Forensic search of cellphone seized at border requires some form of suspicion, 4th Circuit says
Some form of individualized suspicion is needed before the government can use forensic software to search a cellphone seized at the border, a federal appeals court said Wednesday.
The decision by the Richmond, Virginia-based 4th U.S. Circuit Court of Appeals was considered a victory by privacy advocates, though the Turkish citizen challenging the forensic search of his iPhone did not benefit.
The appeals court said border patrol officers had reasonable suspicion to conduct a forensic search of Hamza Kolsuz’s cellphone, and they were entitled to rely on that standard based on case law that suggested it was, at most, all that was required.
The officers had seized Kolsuz’s phone after they found firearms parts that required an export license in his checked luggage. It was the third time weapons parts were found in his luggage.
The forensic search of Kolsuz’s phone produced information that included personal contact lists, emails, messenger conversations, photographs, videos, calendar, web browsing history, call logs and GPS tracking history. He was sentenced to 30 months in prison after a conviction for violating the Arms Export Control Act and conspiracy.
The federal government has contended that searches of electronic devices require no warrant or individualized suspicion under an exception that allows searches of suitcases at the border.
The Electronic Frontier Foundation, the Volokh Conspiracy and the American Civil Liberties Union have summaries that recognize the decision as significant. The Associated Press and the Guardian have coverage.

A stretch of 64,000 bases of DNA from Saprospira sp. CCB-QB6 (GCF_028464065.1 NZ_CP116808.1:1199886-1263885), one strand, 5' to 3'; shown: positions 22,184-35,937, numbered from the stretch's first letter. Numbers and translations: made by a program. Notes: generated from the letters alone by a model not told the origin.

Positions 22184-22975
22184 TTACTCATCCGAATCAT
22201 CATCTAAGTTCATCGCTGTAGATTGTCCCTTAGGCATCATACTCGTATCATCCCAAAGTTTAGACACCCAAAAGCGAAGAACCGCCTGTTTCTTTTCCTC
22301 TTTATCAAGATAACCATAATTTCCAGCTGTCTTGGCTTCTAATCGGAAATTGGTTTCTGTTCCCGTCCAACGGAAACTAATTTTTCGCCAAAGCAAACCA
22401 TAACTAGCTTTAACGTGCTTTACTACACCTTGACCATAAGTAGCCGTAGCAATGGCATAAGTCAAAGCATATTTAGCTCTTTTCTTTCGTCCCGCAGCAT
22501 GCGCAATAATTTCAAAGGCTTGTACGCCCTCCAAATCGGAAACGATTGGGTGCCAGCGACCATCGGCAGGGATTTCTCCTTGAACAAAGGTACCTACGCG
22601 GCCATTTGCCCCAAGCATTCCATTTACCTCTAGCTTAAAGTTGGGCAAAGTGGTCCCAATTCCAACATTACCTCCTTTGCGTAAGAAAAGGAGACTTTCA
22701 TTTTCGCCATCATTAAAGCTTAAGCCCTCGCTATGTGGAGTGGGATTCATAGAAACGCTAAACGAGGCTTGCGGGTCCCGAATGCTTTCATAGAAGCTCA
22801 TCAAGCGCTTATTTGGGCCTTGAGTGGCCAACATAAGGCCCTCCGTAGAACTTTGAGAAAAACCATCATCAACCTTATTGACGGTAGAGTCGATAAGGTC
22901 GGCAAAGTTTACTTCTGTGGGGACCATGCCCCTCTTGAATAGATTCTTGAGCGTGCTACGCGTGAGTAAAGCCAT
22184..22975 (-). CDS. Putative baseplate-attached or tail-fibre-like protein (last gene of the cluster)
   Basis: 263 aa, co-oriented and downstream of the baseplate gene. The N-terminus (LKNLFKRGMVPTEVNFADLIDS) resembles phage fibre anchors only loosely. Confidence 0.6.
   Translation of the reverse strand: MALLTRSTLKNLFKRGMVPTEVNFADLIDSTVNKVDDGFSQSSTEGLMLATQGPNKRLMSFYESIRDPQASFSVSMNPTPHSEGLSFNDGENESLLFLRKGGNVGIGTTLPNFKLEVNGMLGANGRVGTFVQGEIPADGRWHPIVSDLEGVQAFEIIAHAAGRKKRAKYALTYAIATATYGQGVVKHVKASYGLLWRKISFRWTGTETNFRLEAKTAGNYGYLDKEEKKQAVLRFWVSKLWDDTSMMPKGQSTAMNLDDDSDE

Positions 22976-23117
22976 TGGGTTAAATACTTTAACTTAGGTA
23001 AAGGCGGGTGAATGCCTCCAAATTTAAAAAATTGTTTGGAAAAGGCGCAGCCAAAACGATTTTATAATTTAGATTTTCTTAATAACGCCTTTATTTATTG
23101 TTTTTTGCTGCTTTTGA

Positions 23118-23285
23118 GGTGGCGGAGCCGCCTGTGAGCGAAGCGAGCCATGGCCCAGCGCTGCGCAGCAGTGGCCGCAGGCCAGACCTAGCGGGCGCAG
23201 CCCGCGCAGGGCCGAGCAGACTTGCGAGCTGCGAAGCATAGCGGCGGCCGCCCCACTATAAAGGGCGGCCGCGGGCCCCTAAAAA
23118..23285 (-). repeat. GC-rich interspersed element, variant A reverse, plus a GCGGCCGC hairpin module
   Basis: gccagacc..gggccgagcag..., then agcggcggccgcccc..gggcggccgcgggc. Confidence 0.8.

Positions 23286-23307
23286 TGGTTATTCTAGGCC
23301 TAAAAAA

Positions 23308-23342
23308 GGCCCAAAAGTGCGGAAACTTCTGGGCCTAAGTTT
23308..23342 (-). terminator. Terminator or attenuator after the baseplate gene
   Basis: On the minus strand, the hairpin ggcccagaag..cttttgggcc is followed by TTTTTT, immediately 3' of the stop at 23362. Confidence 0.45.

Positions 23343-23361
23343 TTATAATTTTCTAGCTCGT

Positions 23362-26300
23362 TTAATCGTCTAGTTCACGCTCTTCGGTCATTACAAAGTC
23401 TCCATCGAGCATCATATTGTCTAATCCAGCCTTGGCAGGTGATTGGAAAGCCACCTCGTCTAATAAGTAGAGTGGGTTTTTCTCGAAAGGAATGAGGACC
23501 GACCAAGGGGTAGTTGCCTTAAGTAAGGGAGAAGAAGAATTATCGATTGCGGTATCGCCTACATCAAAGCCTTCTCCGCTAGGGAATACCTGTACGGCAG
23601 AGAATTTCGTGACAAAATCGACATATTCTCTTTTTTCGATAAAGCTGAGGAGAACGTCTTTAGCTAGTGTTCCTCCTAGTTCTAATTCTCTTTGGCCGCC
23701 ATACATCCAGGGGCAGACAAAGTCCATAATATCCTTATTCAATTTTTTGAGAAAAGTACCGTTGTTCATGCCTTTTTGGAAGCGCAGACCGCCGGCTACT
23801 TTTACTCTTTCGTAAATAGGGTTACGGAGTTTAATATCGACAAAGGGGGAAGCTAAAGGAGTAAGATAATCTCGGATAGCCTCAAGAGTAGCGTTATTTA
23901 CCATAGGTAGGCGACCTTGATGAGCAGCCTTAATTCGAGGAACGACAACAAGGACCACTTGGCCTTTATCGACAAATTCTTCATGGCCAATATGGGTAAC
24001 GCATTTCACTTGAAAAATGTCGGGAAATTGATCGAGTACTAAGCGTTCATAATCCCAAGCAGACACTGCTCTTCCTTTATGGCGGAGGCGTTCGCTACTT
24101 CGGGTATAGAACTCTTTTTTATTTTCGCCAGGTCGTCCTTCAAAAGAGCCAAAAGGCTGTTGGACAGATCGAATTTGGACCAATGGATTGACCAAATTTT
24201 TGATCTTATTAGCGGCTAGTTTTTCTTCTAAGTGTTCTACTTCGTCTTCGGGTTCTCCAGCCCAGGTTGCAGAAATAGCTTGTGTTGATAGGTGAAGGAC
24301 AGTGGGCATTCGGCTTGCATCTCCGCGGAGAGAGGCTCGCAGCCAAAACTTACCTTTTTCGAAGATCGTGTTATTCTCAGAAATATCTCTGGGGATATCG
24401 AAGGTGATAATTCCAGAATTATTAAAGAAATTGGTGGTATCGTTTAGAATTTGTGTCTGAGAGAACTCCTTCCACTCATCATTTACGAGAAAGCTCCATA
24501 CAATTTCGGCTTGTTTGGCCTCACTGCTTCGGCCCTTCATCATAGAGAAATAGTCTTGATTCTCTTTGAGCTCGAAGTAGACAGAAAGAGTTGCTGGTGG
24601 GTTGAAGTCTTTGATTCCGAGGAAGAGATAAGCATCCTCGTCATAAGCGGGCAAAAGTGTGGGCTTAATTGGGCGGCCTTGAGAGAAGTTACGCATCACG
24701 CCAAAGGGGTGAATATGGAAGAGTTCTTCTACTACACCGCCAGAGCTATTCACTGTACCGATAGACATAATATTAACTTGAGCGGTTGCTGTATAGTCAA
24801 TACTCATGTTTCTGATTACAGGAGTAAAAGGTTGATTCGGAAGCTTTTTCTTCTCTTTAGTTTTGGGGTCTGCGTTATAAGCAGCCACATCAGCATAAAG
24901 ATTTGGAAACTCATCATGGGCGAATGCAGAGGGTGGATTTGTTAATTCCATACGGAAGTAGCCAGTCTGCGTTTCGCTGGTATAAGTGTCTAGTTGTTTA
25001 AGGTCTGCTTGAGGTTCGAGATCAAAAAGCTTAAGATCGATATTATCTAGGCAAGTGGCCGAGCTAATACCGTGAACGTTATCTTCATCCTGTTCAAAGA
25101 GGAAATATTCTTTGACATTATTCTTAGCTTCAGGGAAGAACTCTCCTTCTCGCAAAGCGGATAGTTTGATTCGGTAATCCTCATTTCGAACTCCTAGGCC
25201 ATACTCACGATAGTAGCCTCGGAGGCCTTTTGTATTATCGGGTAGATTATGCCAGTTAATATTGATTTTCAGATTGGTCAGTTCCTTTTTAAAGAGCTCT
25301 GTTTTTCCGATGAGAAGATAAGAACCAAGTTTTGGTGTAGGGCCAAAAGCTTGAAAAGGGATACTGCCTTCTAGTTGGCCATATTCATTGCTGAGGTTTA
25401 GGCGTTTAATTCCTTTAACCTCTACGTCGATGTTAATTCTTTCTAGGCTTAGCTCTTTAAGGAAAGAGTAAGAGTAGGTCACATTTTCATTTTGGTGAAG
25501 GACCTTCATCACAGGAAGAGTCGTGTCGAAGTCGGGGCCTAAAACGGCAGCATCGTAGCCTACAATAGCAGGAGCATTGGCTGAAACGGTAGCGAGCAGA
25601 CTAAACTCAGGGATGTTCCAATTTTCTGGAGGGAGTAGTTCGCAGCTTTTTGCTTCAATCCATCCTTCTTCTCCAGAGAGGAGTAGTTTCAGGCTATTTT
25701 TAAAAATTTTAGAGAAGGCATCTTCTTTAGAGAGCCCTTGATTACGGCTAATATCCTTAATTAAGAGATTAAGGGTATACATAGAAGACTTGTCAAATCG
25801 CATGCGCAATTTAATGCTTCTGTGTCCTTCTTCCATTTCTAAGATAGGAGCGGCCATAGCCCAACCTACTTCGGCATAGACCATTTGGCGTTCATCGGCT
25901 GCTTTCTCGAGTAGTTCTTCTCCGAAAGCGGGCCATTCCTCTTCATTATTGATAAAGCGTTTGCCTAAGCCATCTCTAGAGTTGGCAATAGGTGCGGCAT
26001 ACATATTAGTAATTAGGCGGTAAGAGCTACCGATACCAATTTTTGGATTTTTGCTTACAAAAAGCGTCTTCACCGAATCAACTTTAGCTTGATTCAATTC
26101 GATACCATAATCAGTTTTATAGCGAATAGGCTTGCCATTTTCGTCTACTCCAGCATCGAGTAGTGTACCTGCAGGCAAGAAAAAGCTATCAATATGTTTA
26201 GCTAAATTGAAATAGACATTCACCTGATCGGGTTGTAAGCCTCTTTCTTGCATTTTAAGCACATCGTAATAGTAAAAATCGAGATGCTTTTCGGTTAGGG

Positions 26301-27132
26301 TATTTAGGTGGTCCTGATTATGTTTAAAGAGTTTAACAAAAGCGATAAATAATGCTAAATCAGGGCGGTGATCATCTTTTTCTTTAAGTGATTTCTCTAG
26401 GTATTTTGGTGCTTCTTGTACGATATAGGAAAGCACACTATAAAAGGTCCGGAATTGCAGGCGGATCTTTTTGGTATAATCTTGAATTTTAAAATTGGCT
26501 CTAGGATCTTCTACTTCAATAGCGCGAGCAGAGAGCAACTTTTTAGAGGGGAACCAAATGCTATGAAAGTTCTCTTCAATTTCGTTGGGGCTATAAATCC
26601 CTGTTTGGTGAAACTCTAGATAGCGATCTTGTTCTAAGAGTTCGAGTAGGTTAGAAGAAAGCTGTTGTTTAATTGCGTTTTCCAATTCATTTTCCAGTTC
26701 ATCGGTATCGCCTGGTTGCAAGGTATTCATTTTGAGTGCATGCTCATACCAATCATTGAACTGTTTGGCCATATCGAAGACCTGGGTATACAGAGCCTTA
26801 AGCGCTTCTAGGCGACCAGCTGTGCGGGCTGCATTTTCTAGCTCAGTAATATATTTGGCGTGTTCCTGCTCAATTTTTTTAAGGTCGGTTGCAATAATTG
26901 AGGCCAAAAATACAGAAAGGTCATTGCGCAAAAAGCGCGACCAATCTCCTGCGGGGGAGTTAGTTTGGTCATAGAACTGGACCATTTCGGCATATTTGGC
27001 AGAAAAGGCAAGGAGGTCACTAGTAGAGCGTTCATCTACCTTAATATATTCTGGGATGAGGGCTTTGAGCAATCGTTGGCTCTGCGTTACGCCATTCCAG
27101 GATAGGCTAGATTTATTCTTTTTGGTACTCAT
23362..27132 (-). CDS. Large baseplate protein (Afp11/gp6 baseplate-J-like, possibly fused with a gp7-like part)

The decision is the first federal appellate ruling to require individualized suspicion in a border search of a cellphone since the U.S. Supreme Court ruled in Riley v. California in 2014 that police generally can’t search the contents of a cellphone seized during an arrest, unless they get a warrant, according to the EFF.
The San Francisco-based 9th U.S. Circuit Court of Appeals had held in 2013, before Riley was decided, that reasonable suspicion is needed for a forensic search of a computer seized at the border, but not for a manual search. The case was United States v. Cotterman.
Under Riley’s recognition of the extensive information stored on cellphones, the 4th Circuit said, the forensic search of Kolsuz’s phone should be considered a nonroutine border search that requires some measure of individualized suspicion.
The EFF and the ACLU had filed amicus briefs urging the 4th Circuit to go further and hold that probable cause is needed before a search of electronic devices, whether it’s a manual search or one using forensic software.
The 4th Circuit case is United States v. Kolsuz. After arguments in the case, the Department of Homeland Security adopted a policy that treats forensic searches of digital devices as nonroutine border searches requiring reasonable suspicion of activity that violates the customs laws or in cases raising national security concerns, according to the opinion.
The department also clarified its policies in January on how it intends to protected privileged information of lawyers’ electronic devices after the American Bar Association raised concerns.
The ACLU and the EFF have filed a separate lawsuit that challenges warrantless searches of electronic devices at the border.
Hat tip to How Appealing.